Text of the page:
Edmond J. LaVoie, Ph.D., Professor and Chair of Medicinal Chemistry in the Ernest Mario School of Pharmacy, and Joachim Messing, Distinguished Professor of Molecular Biology and Director of the Waksman Institute of Microbiology, along with 146 more academic inventors, will be inducted at the Eighth Annual Conference of the National Academy of Inventors at Space Center Houston on April 11, 2019. The 2018 class of Fellows represents 125 research universities and governmental and non-profit research institutes worldwide and are named inventors on nearly 4,000 issued U.S. patents.

The NAI Fellows Program was established to highlight academic inventors who have demonstrated a prolific spirit of innovation in creating or facilitating outstanding inventions that have made a tangible impact on quality of life, economic development and the welfare of society. To date, there are over 1,000 NAI Fellows who have generated more than 11,000 licensed technologies and companies, created more than 1.4 million jobs, and generated over $190 billion in revenue.

Edmond J. LaVoie, Ph.D. is Professor and Chair of Medicinal Chemistry in the Ernest Mario School of Pharmacy at Rutgers University. He holds 52 U.S. patents and 91 foreign patents in the field of drug discovery and development, specifically related to novel topoisomerase I and II targeting agents as anticancer agents, novel antiviral drug candidates targeting influenza viral polymerase and new classes of antibiotic agents, 14 of which have been licensed. LaVoie has published 225 peer-reviewed scientific publications, including articles, books and chapters, and has served as Associate Editor of Letter in Drug Design and Discovery, Associate Editor of Current Medicinal Chemistry, Editorial Board Member of Current Medicinal Chemistry-Anticancer Agents and as Expert Reviewer National Science Centre of Poland. He is a five-time recipient of the William Levine Teacher of the Year award.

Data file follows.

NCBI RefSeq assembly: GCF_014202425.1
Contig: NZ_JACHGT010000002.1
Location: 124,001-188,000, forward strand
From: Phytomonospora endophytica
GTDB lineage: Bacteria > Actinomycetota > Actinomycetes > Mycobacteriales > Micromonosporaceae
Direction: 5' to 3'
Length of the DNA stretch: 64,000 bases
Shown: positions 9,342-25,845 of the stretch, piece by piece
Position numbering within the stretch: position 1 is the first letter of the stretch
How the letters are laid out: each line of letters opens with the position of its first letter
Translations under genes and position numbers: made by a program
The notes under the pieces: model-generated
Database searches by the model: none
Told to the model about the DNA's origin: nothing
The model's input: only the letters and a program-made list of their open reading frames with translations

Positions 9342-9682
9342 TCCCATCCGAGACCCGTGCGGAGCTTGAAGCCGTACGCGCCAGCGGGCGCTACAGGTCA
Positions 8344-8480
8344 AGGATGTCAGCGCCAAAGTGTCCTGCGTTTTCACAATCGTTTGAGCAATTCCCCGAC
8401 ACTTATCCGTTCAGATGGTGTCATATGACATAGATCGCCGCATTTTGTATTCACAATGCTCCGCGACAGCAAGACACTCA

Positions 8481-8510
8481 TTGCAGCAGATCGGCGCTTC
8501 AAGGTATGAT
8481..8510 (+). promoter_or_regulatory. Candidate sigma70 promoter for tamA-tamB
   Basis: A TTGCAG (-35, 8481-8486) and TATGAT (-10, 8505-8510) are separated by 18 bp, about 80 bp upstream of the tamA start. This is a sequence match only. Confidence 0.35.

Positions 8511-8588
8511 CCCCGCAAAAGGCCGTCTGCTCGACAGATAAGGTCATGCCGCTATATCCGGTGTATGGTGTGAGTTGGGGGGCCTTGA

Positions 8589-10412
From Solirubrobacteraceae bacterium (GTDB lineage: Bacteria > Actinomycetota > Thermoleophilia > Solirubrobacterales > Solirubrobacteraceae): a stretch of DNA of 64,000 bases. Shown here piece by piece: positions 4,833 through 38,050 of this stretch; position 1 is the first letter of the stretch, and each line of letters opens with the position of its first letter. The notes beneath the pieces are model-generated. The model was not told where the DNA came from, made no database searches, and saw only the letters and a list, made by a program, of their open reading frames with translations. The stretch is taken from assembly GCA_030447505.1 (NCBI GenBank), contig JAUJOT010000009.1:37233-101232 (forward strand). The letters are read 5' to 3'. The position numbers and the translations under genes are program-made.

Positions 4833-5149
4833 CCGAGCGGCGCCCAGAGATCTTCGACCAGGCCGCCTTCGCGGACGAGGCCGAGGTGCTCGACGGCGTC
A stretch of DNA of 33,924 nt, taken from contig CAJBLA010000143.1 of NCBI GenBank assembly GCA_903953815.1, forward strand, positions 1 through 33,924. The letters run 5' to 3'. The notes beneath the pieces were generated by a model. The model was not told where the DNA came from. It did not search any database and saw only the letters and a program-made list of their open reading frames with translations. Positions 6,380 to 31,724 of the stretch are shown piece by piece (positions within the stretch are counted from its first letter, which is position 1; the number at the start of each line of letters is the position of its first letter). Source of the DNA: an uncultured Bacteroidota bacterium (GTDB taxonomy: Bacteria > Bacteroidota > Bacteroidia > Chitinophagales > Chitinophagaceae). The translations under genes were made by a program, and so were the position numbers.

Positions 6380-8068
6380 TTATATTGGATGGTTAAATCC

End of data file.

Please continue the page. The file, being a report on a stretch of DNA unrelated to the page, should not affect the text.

He is involved in research and development of small molecule therapeutic agents for the treatment of various types of cancers, drug resistant bacterial infections (including MRSA) and regular bacterial infections. He has started two companies, including TAXIS Pharmaceuticals, a biopharmaceutical company dedicated to treating and reducing the threat of current and emergent antimicrobial resistance, and was instrumental in the discovery and development of several important therapeutic candidates, one of which has completed Phase 1 clinical trials, and several others are currently under evaluation.

LaVoie has been a member of American Association of Pharmaceutical Scientists, American Society of Pharmacognosy, Internal Advisory Board for the Cancer Institute of New Jersey, American Association for Cancer Research, American Chemical Society, European Society of Clinical Microbiology and Infectious Disease, Phi Lamda Upsilon, Phi Lamda Sigma, Rho Chi and Sigma X.